Dean Ambrose and Bray Wyatt were tasked with heading off the downward slide with a TLC match, combining chairs, tables, and ladders from the prior bouts (but no stairs, the athletic commission put their foot down). Nevermind that WWE found a way to put two compelling performers, with endless personality, into a feud with as much depth as a steam tray, now they’re tasked with blowing off the PPV with something memorable, using implements that had already been, pun intended, beaten into the ground.
Ambrose’s manic antics woke the crowd up in the latter stages, but that was merely the prelude to quite the corny finish: Ambrose blinding himself with a TV monitor that was still plugged in, so that when he tried to yank it in for weapon usage, the sparks from the disconnection temporarily blinded him. Wyatt pinned him with Sister Abigail seconds later.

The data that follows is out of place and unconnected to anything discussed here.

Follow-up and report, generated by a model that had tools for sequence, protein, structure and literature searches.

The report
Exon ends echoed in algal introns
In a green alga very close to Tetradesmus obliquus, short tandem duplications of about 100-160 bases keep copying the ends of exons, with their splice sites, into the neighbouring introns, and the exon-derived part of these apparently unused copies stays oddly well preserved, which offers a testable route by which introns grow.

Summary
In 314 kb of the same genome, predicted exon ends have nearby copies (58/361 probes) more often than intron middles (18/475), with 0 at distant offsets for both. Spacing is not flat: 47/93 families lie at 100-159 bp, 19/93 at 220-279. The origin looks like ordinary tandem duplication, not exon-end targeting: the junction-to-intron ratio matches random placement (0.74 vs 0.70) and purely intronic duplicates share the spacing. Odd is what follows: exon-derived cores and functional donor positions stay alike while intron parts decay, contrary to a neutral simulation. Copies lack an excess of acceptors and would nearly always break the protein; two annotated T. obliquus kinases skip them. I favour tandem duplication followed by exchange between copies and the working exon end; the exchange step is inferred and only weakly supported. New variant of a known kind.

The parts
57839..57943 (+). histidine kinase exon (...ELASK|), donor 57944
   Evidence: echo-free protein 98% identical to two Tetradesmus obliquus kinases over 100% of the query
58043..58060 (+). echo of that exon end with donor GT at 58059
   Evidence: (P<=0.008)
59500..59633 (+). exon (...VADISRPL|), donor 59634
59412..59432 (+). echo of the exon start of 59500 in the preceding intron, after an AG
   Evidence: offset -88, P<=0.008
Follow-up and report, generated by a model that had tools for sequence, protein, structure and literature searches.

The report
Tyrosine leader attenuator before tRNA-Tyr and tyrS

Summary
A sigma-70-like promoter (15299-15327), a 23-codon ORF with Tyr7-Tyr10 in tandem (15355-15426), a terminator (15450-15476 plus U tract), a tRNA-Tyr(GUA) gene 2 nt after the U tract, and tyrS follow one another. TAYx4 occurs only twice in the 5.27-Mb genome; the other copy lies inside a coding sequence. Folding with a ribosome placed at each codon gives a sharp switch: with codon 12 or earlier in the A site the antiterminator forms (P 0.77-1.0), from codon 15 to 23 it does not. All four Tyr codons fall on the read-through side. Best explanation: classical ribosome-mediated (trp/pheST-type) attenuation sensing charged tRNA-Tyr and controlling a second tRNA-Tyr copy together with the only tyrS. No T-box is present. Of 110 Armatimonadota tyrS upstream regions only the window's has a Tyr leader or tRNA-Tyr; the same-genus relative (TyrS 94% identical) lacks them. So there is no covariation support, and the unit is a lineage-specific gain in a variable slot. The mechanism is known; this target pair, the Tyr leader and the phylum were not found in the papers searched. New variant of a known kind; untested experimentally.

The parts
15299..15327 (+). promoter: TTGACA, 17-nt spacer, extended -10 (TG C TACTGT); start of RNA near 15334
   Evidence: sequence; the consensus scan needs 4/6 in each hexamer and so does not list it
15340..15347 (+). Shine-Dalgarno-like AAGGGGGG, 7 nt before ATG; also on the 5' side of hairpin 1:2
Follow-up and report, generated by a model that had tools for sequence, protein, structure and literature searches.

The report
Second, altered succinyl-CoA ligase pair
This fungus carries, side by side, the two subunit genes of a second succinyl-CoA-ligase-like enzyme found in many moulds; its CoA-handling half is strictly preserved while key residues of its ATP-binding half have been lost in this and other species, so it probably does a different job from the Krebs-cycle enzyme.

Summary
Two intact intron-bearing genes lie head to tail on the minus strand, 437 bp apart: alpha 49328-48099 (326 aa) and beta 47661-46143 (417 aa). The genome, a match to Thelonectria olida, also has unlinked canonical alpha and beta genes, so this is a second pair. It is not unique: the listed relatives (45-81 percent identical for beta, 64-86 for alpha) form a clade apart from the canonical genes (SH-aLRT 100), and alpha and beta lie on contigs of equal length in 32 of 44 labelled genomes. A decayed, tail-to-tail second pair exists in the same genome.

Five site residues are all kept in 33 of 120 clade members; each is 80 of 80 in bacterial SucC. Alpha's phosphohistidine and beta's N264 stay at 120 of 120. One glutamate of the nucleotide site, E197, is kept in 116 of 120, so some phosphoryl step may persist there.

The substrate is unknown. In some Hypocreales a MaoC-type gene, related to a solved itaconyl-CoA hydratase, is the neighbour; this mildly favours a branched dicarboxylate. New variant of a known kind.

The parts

The lure of the event was destruction through specific weapons. WWE delivered on its promise, but yet it feels as though nothing was accomplished.
For a company that brags that it ‘tells stories’, it sure does lean on props to fill the dead spots. Compared to smaller-fries NXT, those dead spots are becoming more and more frequent.